Wednesday, February 21, 2018
Posted by Bridget Mary Meehan at 9:56 AM
Tuesday, February 20, 2018
Upper Room Liturgy, First Sunday of Lent
Jim Marsh and Donna Rougeux
A Reading from selected quotes of the Dalai Lama
“The whole purpose of religion is to facilitate love and compassion, patience, tolerance, humility, and forgiveness. The purpose of all the major religious traditions is not to construct big temples on the outside, but to create temples of goodness and compassion inside, in our hearts. This is my simple religion.... No need for temples…. Your own mind, your own heart is the temple.”
“We can never obtain peace in the outer world until we make peace with ourselves. World peace must develop from inner peace. Peace is not just mere absence of violence…. and conflicts; differences will always be there. Peace means solving these differences through peaceful means; through dialogue, education, knowledge; and through humane ways. Peace is the manifestation of human compassion.”
“You must not hate those who do wrong or harmful things; but with compassion, you must do what you can to stop them — for they are harming themselves, as well as those who suffer from their actions. The topic of compassion is not at all religious business; …it is human business. Love and compassion are necessities … without them, humanity cannot survive. If you want others to be happy, practice compassion. If you want to be happy, practice compassion. Compassion is the radicalism of our time.”
These are the inspired words of His Holiness, the Dalai Lama, and the community responds by saying: AMEN!
A Reading from the Gospel of Mark [Mk 1:9-15]
Jesus came from Nazareth in Galilee and was baptized in the Jordan River by John. Immediately upon coming out of the water, Jesus saw the heavens opening and the Spirit descending on him like a dove. Then a voice came from the heavens: “You are my Beloved, my Own. On you my favor rests.”
Immediately the Spirit drove Jesus out into the wilderness, and he remained there for forty days, and was tempted by Satan. He was with the wild beasts, and the angels looked after him.
After John’s arrest, Jesus appeared in Galilee proclaiming the Good News of God: “This is the time of fulfillment. The reign of God is at hand!
Change your hearts and minds, and believe this Good News!”
These are the inspired words of Mark, disciple of Jesus, and the community responds by saying: AMEN!
JTM’s Homily Starter First Sunday Lent – Feb 18, 2018
We have just heard:
“The reign of God is at hand. Change your hearts and minds, and believe this Good News!”
“This is my simple religion …. no need for temples …. Your own heart is the temple.”
“Love and compassion are necessities … without them, humanity cannot survive.”
“World peace must develop from inner peace. Peace is the manifestation of human compassion.”
Do you all remember the reality TV series “Survivor?” It was shot in some wilderness area with all sorts of challenges, tests, and even temptations to see who would persevere, and which team would be named ‘survivor.’ This wilderness was new and uncharted territory—the old and familiar structures no longer support or define life as each person experienced it before.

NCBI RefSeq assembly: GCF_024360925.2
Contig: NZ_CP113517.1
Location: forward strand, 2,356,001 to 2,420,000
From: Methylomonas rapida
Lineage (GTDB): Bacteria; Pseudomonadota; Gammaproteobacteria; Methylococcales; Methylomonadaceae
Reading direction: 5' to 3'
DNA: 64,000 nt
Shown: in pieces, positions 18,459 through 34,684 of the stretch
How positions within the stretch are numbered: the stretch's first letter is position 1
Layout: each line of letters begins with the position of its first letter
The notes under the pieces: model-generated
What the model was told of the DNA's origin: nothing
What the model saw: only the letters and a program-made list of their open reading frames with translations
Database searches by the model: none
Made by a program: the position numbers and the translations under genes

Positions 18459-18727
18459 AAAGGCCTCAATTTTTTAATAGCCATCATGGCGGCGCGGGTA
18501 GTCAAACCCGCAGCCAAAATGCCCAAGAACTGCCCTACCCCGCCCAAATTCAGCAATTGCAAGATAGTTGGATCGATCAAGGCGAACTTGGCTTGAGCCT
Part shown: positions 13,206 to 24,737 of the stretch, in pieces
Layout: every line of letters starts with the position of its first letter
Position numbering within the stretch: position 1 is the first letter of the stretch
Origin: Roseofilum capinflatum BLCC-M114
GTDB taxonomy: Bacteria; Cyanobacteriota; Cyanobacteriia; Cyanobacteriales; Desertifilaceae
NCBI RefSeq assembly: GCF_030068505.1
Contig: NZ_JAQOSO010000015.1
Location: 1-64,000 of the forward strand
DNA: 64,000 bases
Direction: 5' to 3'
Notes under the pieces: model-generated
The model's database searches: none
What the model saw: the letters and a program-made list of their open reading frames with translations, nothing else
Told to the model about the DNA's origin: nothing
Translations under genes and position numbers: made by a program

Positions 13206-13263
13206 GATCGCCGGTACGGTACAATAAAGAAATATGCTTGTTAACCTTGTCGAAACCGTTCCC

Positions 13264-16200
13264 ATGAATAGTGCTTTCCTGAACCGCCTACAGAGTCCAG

Perhaps this Lent will afford us the time to stop, reflect and figure out how to handle some of our tests and challenges—confronting the clutter, distractions, addictions, and any dis-eases in our lives.
Mark’s gospel reading today is very terse and lacks the details found in Matthew and Luke. Perhaps, this allows us to make the story our own—with our very own details. What wilderness do I find myself in, or even in myself? What wild elements challenge me? Who are the unseen angels that wait on me? Will my wilderness experiences result in defeat or determination, courage or cowardice? How are we tested and challenged, and what choices will we make? What will help us do this?
Immediately, after his baptism the Spirit leads Jesus out into the wilderness where he prays and is tempted by Satan (though a more accurate translation according to many scripture scholars would be tested). Clearly, this was not a personal choice. Returning from his wilderness experience, Jesus begins to proclaim God’s dream for humanity and all creation by announcing the in-breaking of God’s kin-dom, a healthy global community of beloved equals. Jesus demonstrates this new reality by his words and actions. He returns to preach, teach and to heal. Jesus challenges his peers and us to repent, that is, to change the way we think and behave so we are in sync with this new reality.
We need to be persons of prayer; prayer not being some repetitive formula but being in tune with the thoughts and plans of the Holy One. The Dalai Lama emphasizes the development of a good attitude and a good heart through meditation and mindfulness, focusing on kindness and compassion, and acting responsibly as global citizens.
Jesus was tempted/tested and so are we. We tend to externalize temptations and make them about behavior, but the real challenges are often within us. Do we believe that we are also the Beloved daughter or son of the Holy One or are we tempted to not trust that the Holy One is with us in the dusty, and sometimes dirty messiness of our world? We, too, are called to do great things on earth. Like Jesus, we must meet our tests and challenges, individually and as the human community across the wonderful planet that we call home. With each remembrance of who we are authentically, the demons will be banished and through our acts of loving kindness and compassion, the dream of the Holy One will become more real.
So what did you hear? How are you challenged and tested today? How will you respond?
Posted by Mary Theresa at 1:07 PM